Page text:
How to contribute to opensource community?



Let's get this out of the way. A lot of people are asking me how to contribute to open-source projects. Trust me! I was asking the same question when I was in college. I tried to work on a project but eventually, I couldn't get it done. I got so frustrated and never touched it again. Only when I was working as a software developer, I was able to identify why can't I contribute to the open-source projects.


Steps to be Followed :


Getting to the point, some simple steps need to be followed while trying to contribute to projects.


  • Choosing the Domain

  • Choosing the Project

  • Architecture Research

  • Environment Setup

  • Choosing the Task

  • Debugging

  • Testing

  • Push and Review

  • CodeBase Merge!


Choosing the Domain:


One of the most confusing and difficult parts is choosing in which project should I choose to work on. Remember one thing! the complexity of the project never matters to contribute. Every project will contain all modes of difficult tasks from beginner to advanced. So don't worry about choosing the project. If you like web development very much, then start studying it through online courses. you can be a worthy contributor, only if you have enough skills to contribute.


For example, I was very much interested in blockchain technology. So I started learning the blockchain protocol first of all.


Choosing the Project:


Once you chose the domain, here comes a very important part. Choosing an open-source project. you can simply surf the internet for projects based on the domains you have chosen. One of the difficult tasks is to learn the programming language that the project is built on. I can tell you that either you can choose the project based on the domain or based on the programming language you are well versed in. After you decided what project you should work on, just go to their community contribution section on their webpage.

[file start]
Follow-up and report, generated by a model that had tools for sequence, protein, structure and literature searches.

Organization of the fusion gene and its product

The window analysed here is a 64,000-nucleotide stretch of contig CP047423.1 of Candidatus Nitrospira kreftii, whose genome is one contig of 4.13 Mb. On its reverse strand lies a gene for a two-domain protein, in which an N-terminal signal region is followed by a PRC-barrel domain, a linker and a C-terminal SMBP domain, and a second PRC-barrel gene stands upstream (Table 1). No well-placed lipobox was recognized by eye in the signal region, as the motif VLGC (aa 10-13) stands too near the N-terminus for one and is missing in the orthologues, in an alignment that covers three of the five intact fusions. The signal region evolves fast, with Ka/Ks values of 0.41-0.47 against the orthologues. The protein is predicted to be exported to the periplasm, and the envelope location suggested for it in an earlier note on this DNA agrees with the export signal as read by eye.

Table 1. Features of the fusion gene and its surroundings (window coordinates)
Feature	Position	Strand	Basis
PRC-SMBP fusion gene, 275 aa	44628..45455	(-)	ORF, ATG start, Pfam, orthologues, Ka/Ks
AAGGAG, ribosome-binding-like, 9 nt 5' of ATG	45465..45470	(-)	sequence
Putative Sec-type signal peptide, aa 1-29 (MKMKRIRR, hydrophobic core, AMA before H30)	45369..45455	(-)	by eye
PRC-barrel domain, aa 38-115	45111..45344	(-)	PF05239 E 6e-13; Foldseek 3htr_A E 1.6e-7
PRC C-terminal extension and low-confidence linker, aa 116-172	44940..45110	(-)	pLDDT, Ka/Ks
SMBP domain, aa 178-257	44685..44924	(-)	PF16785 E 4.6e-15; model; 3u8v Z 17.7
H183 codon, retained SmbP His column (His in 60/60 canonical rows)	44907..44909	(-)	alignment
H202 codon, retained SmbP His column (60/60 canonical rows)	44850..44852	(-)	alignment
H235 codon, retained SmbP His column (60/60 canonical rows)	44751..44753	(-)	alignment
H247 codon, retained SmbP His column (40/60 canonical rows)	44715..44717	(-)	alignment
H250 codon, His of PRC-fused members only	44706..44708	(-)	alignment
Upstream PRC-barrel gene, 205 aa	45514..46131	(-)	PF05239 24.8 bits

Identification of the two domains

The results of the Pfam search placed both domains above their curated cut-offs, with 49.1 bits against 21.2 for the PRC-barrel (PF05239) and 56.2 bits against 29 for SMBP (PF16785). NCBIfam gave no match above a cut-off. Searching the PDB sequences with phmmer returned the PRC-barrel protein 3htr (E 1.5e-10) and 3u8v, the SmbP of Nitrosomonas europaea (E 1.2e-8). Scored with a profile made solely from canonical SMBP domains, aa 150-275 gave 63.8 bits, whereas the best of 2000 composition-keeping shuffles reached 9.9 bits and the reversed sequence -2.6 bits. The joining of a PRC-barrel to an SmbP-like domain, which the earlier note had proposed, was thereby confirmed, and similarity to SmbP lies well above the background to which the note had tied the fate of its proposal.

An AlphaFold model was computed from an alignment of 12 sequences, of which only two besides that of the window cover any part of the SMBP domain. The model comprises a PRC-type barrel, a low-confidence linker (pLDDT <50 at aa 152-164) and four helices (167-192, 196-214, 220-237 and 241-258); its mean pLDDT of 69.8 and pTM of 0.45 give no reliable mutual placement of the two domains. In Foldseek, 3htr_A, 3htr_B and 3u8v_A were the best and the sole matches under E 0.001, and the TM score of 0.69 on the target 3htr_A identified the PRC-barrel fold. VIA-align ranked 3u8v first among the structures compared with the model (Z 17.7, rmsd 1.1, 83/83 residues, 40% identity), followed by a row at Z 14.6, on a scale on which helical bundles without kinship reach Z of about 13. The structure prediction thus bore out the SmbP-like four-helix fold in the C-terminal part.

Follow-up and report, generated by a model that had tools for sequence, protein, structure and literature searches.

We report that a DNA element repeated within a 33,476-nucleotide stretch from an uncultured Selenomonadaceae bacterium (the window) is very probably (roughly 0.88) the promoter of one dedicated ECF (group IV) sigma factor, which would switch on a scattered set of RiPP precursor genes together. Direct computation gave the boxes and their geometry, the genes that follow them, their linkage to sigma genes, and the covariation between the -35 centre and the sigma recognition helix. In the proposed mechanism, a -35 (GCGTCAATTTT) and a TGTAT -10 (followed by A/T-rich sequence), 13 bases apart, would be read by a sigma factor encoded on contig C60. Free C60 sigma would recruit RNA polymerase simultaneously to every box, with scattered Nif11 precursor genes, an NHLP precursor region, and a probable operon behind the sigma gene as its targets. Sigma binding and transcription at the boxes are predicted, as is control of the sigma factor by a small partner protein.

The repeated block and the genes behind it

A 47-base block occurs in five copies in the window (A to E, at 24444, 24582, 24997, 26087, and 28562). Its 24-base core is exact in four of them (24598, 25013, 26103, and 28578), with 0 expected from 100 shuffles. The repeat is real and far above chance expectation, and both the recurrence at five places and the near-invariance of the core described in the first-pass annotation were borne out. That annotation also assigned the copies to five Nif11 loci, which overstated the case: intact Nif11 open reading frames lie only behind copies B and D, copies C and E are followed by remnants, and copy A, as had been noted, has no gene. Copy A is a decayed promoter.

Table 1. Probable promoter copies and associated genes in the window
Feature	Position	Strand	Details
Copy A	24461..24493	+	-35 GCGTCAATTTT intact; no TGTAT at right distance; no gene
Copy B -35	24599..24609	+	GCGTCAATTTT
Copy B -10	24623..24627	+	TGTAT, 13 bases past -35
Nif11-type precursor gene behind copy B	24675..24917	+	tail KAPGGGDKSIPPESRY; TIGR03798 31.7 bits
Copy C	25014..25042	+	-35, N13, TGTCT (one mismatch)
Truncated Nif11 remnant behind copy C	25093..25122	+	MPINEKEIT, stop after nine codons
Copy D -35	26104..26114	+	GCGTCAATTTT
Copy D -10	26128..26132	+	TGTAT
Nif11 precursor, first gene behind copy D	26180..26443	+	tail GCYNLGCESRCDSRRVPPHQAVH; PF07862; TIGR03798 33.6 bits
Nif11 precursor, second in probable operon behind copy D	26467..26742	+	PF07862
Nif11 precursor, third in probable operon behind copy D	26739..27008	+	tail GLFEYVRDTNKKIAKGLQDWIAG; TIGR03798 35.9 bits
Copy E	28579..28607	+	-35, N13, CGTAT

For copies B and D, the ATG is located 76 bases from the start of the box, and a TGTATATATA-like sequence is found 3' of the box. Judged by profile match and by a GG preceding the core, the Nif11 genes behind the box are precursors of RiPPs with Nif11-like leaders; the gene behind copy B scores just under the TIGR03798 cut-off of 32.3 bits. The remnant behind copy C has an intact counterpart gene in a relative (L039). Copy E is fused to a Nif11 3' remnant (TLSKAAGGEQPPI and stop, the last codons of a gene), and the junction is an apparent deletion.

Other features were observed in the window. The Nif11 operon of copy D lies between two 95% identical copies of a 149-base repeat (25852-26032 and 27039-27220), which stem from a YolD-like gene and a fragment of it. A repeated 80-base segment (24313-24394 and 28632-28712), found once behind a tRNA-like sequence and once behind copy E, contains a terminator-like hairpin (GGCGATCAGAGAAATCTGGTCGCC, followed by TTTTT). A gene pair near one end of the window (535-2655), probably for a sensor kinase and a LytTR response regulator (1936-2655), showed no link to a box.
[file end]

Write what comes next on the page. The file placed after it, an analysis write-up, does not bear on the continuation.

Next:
Open Source projects will be having a set of rules called a Code of Conduct.

Each member of the community should follow the guidelines or else they will be kicked out from the community. Every project will be having their communication channel it can be IRC channel, Slack channel or Discord channel. Though these communication channels, people can ask any kind of question-related to the project. Even if it is a silly question, people will answer your question.


In my case, I was inspired by Project SIA - Decentralized Cloud Storage Solutions. It is based on the blockchain technology. They use Golang as their core programming language. I am a DotNet developer. Of course, it is on a completely different track. But I learned Golang ;)


Architecture Research:


The next step is very important. you have to case study the entire project.

More importantly, you have to study their software architecture. Only then you can understand how the functional specifications are implemented in technical ways.

It will be very much easier if you already know something about their architecture.

And you can easily start a conversation with any one of the developers of the projects. So that they will be thinking that you are very interested in their product. Trust me, it is a really good impression that has to be made.


Environment Setup: